Beyond the Riverbed

By Jenna Davenport 


Artist Statement

Acrylic paint, wood, artificial moss

Beyond the Riverbed explores the unseen displacement that occurred in Maine’s natural history. Maine was once the lumber capital of the world, but with that came detrimental effects on the natural environment. Log drives were essential to the transportation of trees to be made into lumber. Two main points of environmental concern with log drives were deforestation and the effects of dynamite used to break up stuck logs. 

While deforestation and the effects of dynamite are the main environmental issues associated with log drives, the impact is far more complex. While some stuck logs were blown with dynamite, sunken logs were left to live on the bottom of the river. These sunken logs created a chain reaction of issues, resulting in the decline of the brook trout population, as noted by Daniel Michor in his dissertation titled People in Nature: Environmental History of the Kennebec River. This predictably led to a decline in predatory species and an increase in brook trout prey. Although the brook trout population decline did not directly and significantly impact the daily lives of Mainers and is not the most notable result of the lumber industry’s actions, it was a significant example of how our actions have consequences in regards to ecology and the processes of the natural world.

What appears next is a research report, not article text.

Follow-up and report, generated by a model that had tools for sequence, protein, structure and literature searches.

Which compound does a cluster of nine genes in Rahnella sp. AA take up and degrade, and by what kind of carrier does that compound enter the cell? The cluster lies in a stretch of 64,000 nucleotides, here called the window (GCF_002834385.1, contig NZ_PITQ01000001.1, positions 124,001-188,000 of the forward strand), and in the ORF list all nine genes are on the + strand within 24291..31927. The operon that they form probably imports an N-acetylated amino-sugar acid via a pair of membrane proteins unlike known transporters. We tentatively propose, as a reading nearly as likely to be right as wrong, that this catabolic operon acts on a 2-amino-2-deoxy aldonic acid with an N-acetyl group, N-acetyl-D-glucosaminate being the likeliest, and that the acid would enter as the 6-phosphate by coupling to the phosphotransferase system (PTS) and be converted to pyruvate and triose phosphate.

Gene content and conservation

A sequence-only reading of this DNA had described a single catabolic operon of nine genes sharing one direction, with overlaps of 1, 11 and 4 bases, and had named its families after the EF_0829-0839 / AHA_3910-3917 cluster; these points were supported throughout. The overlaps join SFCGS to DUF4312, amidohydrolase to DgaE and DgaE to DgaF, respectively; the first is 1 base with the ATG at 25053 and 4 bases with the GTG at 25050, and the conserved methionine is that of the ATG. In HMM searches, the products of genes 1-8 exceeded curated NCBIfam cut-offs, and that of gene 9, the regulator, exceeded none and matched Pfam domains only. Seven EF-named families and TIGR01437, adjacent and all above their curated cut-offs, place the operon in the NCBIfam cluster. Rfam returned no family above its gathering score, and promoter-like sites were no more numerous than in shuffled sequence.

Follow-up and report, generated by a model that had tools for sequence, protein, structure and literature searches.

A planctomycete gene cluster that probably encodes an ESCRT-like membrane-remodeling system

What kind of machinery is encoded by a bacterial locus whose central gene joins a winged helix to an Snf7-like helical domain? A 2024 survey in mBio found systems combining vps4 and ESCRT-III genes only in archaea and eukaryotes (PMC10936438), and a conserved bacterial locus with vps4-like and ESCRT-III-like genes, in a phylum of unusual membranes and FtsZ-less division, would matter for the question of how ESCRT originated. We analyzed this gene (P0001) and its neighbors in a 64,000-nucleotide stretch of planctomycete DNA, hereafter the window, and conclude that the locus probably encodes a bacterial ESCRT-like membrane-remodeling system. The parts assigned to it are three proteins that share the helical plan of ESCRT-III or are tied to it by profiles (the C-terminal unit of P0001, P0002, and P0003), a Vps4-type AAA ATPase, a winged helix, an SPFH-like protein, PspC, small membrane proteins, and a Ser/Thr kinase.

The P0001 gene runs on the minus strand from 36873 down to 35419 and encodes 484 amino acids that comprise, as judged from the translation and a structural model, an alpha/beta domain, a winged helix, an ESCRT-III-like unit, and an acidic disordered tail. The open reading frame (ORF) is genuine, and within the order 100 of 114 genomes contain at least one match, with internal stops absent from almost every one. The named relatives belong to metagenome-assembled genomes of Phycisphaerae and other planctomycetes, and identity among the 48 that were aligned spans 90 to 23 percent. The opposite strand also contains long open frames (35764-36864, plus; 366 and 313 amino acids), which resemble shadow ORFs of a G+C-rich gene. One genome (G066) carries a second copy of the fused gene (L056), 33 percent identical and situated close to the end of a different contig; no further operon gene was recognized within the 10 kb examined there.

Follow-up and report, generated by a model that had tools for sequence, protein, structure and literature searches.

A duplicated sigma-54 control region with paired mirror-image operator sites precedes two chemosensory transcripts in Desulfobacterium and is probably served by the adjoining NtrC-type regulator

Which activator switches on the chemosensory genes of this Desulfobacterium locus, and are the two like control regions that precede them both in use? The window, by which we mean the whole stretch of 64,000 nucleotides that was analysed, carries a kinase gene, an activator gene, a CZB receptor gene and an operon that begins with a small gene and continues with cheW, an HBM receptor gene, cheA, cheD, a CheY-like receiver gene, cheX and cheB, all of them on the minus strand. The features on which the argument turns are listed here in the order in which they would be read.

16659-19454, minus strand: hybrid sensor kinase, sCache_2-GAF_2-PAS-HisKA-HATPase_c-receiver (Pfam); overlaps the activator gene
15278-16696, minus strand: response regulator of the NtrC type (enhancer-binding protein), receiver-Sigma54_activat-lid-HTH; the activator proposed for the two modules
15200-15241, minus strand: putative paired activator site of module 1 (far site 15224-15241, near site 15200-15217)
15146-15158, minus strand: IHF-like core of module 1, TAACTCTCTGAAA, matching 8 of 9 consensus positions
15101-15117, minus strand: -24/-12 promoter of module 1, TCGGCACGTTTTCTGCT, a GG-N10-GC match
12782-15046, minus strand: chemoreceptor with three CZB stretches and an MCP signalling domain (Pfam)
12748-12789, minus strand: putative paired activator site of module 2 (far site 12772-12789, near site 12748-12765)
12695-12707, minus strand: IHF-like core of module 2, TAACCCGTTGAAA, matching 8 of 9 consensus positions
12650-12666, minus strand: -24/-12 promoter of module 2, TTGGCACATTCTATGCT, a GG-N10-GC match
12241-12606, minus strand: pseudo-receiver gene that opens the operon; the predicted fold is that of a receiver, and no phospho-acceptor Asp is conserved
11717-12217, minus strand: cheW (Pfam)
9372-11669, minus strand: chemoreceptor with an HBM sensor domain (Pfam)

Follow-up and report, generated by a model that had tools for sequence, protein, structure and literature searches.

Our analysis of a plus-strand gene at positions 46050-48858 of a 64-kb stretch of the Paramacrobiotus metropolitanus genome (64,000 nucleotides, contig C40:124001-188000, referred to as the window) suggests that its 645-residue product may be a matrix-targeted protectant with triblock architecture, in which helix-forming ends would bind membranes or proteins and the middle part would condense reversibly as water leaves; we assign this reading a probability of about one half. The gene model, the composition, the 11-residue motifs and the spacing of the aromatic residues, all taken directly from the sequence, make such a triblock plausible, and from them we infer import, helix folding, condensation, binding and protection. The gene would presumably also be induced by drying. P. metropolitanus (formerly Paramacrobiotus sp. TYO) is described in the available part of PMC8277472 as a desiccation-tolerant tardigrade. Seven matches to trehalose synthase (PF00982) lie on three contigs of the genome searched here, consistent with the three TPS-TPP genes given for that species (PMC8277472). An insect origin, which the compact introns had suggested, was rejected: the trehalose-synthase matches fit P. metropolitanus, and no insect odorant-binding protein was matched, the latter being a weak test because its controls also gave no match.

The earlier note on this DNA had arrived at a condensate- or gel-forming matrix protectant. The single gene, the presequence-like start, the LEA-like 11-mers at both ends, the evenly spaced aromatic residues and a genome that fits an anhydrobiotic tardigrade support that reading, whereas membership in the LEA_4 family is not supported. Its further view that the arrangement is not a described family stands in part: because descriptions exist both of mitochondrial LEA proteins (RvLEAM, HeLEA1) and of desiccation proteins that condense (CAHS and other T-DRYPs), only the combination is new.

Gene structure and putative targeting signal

Lumber and artificial moss were used to create a patchwork riverbed complete with wooden river rocks. Peach-colored acrylic paint is representative of the underbelly of brook trout – pointing directly to the unfortunate effects of our state’s past decisions. Manmade materials constructing a natural environment confronts the viewer with both the past and present of the lumber industry and implores viewers to question their own relationship with the natural land.